I don’t get what the point is about this article from the FP. I’ve given it multiple attempts to read since it was published but I can’t ever make it past the part where she goes in-depth about the adult human’s tendency to have “humiliation dreams.”
I have the same problem with her “Why We Drive” article. I get that she’s an author. I get that she’s a young adult author, and that’s a genre I more or less specialize in, actually. Confession time: I’m working on two or three young adult novels myself (yes it’s not something I really try to advertise as it’s probably even more embarrassing than my Nickelodeon and Disney Channel review blog) but moreover I’ve read literally hundreds of young adult novels (a big part of it professionally as a teacher and now someone looking to get into publishing) just in the space since I’ve had posting privs here on Oppo (yeah along with the whole Disney Channel thing I’m a walking pile of fail when it comes to actual interests and hobbies, no wonder I can’t get into Netflix Stranger Things aside). And for what it’s worth I appreciate her appreciation of the early second-gen Camaro. But here’s the thing: after reading so many damn cheesy novels of various degrees of writing skill and so many damn hours of watching cheesy multi-camera television of varying degrees of acting and scriptwriting skill (and I trust you enough to guess where on the spectrum the vast majority of that falls into), it’s easy for me to recognize when an author actually has a very focused direction and point and uses her skill to craft a very focused story that sticks in the memory, and when an author is more under the impression that good, high-art literature is more about weaving a story into an unrecognizable exquisite corpse in which the entire goal seems to be how much can the author flirt with the line between when paragraphs remain tangentially connected with each other and when the story just becomes a collection of disparate stories just daring you to figure out the common link between them.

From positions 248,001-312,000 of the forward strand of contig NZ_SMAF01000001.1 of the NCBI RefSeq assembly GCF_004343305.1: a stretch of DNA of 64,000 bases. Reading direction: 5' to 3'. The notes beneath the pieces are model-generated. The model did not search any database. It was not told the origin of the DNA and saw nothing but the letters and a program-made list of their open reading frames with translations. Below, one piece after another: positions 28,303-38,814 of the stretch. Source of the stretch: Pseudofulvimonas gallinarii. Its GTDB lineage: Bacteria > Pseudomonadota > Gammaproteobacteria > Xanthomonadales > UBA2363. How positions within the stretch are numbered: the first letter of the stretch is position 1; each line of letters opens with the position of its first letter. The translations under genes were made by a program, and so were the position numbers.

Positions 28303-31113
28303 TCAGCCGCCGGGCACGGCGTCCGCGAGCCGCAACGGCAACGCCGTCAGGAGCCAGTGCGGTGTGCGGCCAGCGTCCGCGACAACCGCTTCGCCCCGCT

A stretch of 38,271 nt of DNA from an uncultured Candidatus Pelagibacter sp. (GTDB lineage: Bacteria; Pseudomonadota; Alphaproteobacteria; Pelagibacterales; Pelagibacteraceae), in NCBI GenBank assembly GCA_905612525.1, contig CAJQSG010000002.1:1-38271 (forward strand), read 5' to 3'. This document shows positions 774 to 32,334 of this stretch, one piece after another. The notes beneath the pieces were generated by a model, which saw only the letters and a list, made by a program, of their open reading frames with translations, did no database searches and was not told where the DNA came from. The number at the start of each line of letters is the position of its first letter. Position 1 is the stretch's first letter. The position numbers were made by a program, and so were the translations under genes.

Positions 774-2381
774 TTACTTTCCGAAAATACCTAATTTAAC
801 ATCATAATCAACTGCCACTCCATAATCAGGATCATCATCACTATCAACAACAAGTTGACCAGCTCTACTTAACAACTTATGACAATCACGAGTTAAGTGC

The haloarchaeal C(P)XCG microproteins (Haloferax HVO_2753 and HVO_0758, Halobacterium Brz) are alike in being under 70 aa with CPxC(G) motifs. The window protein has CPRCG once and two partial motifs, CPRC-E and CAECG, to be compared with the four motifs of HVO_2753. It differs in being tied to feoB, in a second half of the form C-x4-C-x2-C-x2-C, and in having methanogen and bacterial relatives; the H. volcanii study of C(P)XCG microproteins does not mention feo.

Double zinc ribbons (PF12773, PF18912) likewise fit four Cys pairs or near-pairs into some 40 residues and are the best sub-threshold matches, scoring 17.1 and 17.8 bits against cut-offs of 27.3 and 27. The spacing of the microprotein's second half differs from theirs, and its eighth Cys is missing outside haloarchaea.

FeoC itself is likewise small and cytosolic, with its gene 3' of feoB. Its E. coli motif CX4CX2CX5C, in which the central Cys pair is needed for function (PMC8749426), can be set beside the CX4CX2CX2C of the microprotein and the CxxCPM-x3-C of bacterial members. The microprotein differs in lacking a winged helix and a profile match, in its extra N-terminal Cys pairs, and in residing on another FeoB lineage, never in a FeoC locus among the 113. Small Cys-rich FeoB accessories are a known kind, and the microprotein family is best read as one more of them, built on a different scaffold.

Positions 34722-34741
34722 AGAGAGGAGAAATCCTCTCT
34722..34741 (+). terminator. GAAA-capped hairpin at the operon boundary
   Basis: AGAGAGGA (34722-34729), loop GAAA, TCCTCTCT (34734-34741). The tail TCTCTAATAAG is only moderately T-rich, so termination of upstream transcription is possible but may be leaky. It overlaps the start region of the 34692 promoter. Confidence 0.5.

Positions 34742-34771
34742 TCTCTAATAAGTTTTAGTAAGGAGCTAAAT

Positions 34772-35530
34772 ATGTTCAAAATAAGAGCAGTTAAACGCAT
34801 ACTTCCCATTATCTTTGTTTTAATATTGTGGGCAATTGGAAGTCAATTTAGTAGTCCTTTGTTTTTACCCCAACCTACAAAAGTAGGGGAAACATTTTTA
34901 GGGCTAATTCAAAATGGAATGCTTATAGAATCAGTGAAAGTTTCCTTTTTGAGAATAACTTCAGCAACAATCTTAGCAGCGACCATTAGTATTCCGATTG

There was one guy who was really good at the latter.
Maybe her young adult stories are more focused (I haven’t read any of them, maybe I should make a point to read at least one) but when you’re writing for an adult audience on a journalism blog and when that audience is accustomed to non-fiction, highly focused stories (usually of a factual variety) appealing to a very specific hobby or group of enthusiasts, well...the truest thing about writing there is as far as I’m concerned is write to your audience. And I hope I don’t offend anyone, but both tweens/teens and automotive enthusiasts - well, not to say they lack attention but I think they most appreciate stories that are highly focused that don’t require referring back to previous paragraphs to follow along.